I had a set of cheapo tires fail miserably years ago and were relatively few miles. The sidewall and tread separated (very large bulges) on 3 of the 4 tires, inflated normally. I dont remember the name and have not seen it since.
I also had one (1) Pirelli fail in a similar fashion, but it has many thousands of miles and was toast anyway. It produced a vibration in the car.
alot of these cheapo tires you speak of are produced from the same factory on the same machines as these big name places. when they make the sidewwall they just put a different manufacturers nameplate in the mold and pour away. so price/or manf doesnt really matter.
this is one of the reasons i dont have my tires aired up over 5 over the sidewall limit.
The sidewall max pressure is for max weight load as well and cold pressure so it should be ok to run that much pressure i.e. 44psi typically. Now going higher than that is going to cause a failure sooner or later more likely sooner and I think that is what we are seeing. Now does the pressure increase when warmed MORE pounds if you are starting at a higher pressure . . . hummm sounds like another test. I like the idea of checking the pressure hot when running a lot higher pressure.
I've seen (had my own) similar episodes. The inner tire surface wasn't air tight. The air within the tire eventually migrated from the inside of the tire (32 psi) and pressurized the minute gaps between the belts to the same 32 psi. The tread has little pressure retention capacity and it began to bulge out from 32 psi underneath.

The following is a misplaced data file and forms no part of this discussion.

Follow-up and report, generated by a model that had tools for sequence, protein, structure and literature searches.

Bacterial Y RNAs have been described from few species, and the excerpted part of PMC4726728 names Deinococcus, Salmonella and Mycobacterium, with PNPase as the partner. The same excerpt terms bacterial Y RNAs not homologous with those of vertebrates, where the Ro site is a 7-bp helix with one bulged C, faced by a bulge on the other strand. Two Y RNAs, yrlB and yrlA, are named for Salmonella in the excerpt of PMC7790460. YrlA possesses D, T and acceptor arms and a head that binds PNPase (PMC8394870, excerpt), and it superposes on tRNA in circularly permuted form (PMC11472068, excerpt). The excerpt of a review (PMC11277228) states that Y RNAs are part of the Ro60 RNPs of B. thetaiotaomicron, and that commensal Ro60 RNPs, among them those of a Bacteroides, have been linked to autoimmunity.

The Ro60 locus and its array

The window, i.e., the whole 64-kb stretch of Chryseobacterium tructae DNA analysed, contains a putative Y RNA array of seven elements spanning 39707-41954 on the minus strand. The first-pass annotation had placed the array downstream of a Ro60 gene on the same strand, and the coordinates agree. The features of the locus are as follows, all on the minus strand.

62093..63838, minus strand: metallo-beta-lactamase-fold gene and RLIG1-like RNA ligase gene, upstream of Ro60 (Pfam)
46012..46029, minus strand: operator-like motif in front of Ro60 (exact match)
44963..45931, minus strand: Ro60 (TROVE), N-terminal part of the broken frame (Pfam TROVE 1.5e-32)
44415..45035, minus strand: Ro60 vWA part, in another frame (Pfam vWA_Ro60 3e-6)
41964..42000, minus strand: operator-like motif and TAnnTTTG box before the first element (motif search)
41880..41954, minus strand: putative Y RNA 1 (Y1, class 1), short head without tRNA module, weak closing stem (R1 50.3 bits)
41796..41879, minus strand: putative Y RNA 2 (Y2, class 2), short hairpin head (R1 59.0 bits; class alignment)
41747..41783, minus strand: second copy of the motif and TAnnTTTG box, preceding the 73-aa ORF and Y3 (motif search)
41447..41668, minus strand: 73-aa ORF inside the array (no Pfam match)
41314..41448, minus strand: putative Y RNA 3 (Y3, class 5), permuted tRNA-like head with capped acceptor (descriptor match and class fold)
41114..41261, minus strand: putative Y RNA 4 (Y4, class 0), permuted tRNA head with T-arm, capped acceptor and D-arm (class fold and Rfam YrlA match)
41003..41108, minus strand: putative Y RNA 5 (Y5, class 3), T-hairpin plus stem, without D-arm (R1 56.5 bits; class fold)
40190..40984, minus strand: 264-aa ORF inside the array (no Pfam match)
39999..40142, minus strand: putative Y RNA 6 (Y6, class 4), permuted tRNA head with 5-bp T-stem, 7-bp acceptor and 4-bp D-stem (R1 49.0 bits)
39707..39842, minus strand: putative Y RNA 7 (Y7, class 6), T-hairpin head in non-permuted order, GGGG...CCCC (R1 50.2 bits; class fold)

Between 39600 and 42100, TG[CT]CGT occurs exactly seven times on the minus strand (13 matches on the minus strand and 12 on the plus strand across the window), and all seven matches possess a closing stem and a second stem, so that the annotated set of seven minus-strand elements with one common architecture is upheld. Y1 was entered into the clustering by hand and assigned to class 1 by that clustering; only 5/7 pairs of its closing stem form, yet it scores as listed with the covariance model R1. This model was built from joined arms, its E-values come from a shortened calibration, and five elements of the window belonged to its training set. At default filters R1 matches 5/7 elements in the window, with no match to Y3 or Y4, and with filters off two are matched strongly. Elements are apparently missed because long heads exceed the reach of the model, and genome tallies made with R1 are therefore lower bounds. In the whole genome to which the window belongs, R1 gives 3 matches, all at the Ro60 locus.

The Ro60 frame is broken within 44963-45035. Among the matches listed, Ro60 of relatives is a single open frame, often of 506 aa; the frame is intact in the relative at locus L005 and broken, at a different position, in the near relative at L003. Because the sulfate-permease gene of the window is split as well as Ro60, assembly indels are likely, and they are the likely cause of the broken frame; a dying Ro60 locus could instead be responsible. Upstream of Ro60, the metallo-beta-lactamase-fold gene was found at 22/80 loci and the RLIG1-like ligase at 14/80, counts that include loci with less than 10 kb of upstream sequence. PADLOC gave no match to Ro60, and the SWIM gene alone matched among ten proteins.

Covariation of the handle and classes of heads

I was able to catch the developing separation fairly early. I punctured the "blister" from the tread side to deflate the bubble between the carcass and tread. Now I have a slow leak that took several days to drop 10 psi, but no blister and no further separation of tread. I continued to top off the pressure until I had a chance to remove the tire.
Note: The blister from this type of separation will exist when the tire is deflated. If the bulge in the tread dissipates as the tire is deflated, then the cords and belting are compromised and the tire is unsafe for further use other than as a swing in a tree.
I coated the inside of the tire in the area of the blister/bubble with rubber cement to make a new air tight skin. I reinflated the tire and had no other issues with it until the car died several months later.
Hmm, weird! I"m also running the el cheapo tires, at 50-60 psi haha, had to for autocrossing, and they've been working great. My extremely old, dry rotted front tires just developed their first leak. Not as bad as i was expecting though.